Summary: A Christmas Eve Communion meditation. We all have within us a deep hunger, but we won't find what we're looking for at the mall, or under the tree, or in Santa's sack. The only place we can find our hunger truly satisfied is at the manger, the feeding tro
How many of you have seen the movie Christmas Vacation starring Chevy Chase? The movie has become a holiday favorite. It’s a parody about the false expectations that we often build up around the traditional family Christmas experience. Many of us can probably identify with the character Clark Griswold, who does everything within his control to give his family the gift of a “perfect” Christmas.
The movie starts with Clark taking his family into the wilderness in search of the “perfect Christmas tree.” After a road rage accident, that ends with the family station wagon crashing into a snow bank, the Griswolds set off into the wilderness on foot. After a long march in the snow, Clark finds the perfect tree, only to realize that he forgot to bring a saw. From wrestling with strands of Christmas lights that don’t work, to suffering extended visits from difficult relatives, the Griswolds continue to face experiences that cause many to think: “Been there, done that.”
How many of you have had the yuletide experience of trying to assemble a bicycle at 2 a.m. on Christmas morning, only to learn that you probably should have paid the assembly fee?Like Clark, our intentions to plan a “good, old-fashioned family Christmas” may not always live up to what the consumer-focused marketing companies have made it out to be. And then, after weeks of preparation, all for the purpose of creating one perfect day in an imperfect year, someone probably will be upset because they didn’t get the present they wanted, a toy is already broken, Grandpa drank too much, and Grandma got run over by a reindeer!
We want everything to be perfect at Christmas, don’t we? We want everyone to love their gifts, to have their fill of food. We want to create the most wonderful memories that will last a lifetime. But here’s the thing about our “typical” Christmas celebrations; the joy they bring is relatively shallow, it’s only temporary, and it’s all but forgotten within a few weeks’ time.
Each of us has within us a longing for something great, something to bring us overwhelming joy, something to satisfy our greatest hopes and deepest longings. Yet, I am certain that there is nothing you or your family members will open on Christmas morning that will satisfy the deepest desires of your hearts. That’s why we are gathered here tonight, though, isn’t it? We know there is more to Christmas than just giving and receiving gifts. We know that in the birth of that Christ child, there came an answer to our deepest prayers. And so we celebrate. But what is it, exactly, that we celebrate? Who is it?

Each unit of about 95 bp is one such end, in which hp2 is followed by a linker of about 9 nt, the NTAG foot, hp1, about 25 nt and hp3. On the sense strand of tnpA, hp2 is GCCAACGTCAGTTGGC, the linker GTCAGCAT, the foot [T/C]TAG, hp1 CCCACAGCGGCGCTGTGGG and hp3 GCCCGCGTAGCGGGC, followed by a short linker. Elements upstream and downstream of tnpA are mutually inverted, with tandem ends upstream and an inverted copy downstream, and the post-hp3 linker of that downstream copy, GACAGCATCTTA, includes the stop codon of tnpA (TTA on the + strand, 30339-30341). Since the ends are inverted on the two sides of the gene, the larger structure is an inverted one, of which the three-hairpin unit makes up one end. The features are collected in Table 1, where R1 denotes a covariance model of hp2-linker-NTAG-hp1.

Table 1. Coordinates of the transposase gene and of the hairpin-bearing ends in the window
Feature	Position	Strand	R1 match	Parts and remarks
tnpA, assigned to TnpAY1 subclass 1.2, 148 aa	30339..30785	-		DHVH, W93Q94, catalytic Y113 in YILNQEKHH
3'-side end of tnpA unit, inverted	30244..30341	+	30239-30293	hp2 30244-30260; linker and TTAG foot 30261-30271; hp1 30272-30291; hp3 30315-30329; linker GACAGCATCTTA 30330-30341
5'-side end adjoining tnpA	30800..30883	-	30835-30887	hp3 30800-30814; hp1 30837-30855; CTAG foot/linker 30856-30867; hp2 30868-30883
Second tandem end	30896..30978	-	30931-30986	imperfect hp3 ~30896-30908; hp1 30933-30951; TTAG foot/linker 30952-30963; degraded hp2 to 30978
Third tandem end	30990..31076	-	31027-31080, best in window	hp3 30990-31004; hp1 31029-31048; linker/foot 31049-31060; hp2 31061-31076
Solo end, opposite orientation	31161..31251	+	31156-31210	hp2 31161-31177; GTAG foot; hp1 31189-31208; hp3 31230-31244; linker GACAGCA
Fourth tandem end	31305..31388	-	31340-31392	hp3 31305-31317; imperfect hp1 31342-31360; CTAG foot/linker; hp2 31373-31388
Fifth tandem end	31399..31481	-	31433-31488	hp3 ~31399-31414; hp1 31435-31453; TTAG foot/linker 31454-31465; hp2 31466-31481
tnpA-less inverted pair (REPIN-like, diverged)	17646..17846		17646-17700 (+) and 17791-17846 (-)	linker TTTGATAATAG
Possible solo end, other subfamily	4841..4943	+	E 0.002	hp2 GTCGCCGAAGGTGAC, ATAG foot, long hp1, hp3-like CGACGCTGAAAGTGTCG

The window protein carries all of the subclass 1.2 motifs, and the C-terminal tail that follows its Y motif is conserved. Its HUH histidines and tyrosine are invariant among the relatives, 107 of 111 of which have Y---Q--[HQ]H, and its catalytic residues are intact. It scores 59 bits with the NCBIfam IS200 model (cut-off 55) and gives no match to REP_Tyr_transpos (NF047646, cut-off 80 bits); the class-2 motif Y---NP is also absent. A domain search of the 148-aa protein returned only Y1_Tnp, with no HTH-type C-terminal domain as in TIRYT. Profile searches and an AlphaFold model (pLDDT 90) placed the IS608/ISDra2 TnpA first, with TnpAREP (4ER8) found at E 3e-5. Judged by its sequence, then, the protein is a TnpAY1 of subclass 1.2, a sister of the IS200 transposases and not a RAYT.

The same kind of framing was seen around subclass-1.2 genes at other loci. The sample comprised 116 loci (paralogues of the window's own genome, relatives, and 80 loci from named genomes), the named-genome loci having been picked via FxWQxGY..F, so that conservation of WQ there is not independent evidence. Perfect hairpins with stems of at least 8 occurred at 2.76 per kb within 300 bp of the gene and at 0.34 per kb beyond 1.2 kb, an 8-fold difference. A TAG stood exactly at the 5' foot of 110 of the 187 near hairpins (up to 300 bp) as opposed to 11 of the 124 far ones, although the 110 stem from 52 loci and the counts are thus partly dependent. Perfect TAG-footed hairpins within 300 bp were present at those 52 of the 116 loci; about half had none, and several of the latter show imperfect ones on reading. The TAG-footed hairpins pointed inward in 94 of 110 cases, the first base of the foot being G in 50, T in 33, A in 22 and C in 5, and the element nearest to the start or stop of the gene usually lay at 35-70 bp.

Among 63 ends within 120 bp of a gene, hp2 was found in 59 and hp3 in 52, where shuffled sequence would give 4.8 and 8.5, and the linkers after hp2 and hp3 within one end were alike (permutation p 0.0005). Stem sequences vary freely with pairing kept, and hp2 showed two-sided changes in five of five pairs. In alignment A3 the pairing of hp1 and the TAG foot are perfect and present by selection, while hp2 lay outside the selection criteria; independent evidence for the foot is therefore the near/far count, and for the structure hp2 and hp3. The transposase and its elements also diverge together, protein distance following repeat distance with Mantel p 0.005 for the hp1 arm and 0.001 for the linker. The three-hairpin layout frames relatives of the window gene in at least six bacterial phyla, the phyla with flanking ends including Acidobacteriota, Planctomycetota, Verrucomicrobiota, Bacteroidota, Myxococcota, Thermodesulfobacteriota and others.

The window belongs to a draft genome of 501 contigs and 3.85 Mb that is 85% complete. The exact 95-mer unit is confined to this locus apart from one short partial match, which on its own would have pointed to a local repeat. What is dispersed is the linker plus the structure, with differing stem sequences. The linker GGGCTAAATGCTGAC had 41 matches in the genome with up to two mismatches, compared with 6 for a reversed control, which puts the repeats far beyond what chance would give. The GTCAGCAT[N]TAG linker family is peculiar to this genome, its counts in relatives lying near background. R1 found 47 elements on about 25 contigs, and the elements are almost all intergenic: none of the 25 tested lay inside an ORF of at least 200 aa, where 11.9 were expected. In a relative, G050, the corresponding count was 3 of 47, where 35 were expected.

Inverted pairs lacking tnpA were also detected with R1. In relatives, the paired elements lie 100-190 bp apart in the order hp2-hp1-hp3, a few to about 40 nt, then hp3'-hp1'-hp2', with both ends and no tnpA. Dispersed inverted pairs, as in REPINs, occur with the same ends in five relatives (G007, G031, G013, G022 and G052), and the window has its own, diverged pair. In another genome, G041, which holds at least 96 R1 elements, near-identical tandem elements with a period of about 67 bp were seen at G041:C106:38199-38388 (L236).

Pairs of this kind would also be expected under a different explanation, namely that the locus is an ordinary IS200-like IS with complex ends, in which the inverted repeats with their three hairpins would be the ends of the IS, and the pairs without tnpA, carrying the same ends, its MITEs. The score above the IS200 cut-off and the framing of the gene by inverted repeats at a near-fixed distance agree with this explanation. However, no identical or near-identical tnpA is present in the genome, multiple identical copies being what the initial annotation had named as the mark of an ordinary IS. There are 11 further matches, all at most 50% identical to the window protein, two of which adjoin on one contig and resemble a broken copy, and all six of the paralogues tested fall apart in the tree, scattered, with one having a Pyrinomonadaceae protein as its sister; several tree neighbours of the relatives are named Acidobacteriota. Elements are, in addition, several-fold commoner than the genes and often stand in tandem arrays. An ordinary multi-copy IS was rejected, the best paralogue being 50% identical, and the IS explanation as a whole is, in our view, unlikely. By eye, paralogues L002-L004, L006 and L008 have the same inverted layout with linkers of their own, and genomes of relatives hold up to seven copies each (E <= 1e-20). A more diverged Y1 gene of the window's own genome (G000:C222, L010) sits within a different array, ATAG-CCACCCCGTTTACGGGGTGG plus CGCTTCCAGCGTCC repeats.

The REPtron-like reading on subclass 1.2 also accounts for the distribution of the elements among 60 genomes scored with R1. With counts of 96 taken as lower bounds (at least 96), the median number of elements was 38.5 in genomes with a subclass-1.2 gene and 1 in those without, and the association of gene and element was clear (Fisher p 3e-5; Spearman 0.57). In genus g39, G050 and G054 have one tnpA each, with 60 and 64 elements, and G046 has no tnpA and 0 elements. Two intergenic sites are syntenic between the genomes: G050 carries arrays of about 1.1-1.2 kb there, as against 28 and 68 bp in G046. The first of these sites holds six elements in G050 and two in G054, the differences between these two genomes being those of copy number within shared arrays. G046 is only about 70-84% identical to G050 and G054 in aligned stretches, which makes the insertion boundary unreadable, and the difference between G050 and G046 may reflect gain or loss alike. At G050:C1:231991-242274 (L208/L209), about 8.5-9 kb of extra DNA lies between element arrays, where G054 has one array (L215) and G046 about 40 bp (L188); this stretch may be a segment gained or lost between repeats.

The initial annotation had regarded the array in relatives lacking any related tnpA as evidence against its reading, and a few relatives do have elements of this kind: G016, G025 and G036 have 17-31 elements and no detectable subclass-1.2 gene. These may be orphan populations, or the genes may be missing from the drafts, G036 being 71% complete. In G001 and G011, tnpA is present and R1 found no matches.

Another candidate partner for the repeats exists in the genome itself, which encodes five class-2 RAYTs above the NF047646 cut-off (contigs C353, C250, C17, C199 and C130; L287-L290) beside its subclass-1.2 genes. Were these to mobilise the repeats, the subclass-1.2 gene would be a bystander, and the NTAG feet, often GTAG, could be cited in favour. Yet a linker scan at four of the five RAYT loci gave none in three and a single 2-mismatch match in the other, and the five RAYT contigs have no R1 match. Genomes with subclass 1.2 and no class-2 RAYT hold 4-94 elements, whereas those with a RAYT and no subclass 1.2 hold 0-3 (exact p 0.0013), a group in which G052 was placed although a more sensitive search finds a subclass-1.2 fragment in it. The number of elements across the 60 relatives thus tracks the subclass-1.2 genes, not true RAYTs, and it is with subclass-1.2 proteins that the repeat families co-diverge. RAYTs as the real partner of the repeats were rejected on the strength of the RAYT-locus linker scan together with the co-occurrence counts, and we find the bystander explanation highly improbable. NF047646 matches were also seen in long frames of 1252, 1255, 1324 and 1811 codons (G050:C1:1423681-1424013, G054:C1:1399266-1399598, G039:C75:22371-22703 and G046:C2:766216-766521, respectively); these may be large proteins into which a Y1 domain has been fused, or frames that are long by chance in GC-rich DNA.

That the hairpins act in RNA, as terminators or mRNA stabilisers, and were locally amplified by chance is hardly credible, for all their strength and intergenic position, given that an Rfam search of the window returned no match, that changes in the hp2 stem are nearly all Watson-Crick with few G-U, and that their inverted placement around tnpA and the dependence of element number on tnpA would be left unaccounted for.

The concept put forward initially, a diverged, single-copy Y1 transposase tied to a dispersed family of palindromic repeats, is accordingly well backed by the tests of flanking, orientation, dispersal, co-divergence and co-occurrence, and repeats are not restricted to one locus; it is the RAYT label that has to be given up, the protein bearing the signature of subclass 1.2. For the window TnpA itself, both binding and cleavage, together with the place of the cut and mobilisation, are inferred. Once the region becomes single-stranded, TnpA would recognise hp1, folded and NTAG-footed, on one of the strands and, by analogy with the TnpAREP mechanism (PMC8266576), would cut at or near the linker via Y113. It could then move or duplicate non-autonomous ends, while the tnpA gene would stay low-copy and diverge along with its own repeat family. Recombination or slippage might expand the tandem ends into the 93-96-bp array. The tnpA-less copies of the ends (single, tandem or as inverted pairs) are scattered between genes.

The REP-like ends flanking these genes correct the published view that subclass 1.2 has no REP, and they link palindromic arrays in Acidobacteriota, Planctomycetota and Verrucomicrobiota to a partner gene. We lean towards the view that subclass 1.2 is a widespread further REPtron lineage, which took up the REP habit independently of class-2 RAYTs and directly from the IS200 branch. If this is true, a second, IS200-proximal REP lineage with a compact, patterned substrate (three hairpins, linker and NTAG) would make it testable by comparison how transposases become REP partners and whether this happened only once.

We heard just a few moments ago Luke’s telling of the Christmas story. Immediately following the birth of Jesus, an angel appears not too far away from Bethlehem in the midst of some shepherds. Now, we need to keep in mind that the word translated as “angel” here means messenger. It’s very likely that, as in other angelic appearances in the Bible, this angel looked just like any other person; no wings or halo, just a messenger bringing some noteworthy news from Bethlehem. When we consider that, it’s no wonder the shepherds were afraid. How would you feel if you were approached by the stranger in the middle of the night? But that’s the way angels work sometimes, isn’t it? Strangers who appear at the most unexpected time, but just when we need them the most.
So this angel, sensing the fear of the shepherds, tells them not to be afraid, just as Gabriel told Mary not to be afraid. Then the messenger proceeds to explain what has just happened in the little town of Bethlehem. The messenger says, “I bring you good news of great joy that will be for all the people. Today in the town of David a Savior has been born to you; he is Christ the Lord. This will be a sign to you: You will find a baby wrapped in cloths and lying in a manger.” Just a few moments after Christ is born, we have the first gospel proclamation! This angel tells this shepherds that if they go to Bethlehem, they will find there a baby who is Savior, Christ, and Lord!
Indeed, there is in Christmas an answer to the great longings of our hearts because the one whose birth we celebrate is Savior, Christ, and Lord! Caesar called himself savior and lord. Herod called himself the christ. When the angel told the shepherds about the baby in the manger, they were probably expecting to find an heroic king. But how many caesars have brought true salvation? What Herod ever transformed lives or offered life in the kingdom of God? No, Jesus was not a heroic king like Caesar or Herod. He did not come with military might, just an invitation to follow him. He did not build an army or levy taxes; he had only one command, “Love the Lord your God with all your heart, soul, and mind. And love your neighbor as yourself.” And in the end, this King laid down his life for his subjects, so that they might have life abundant.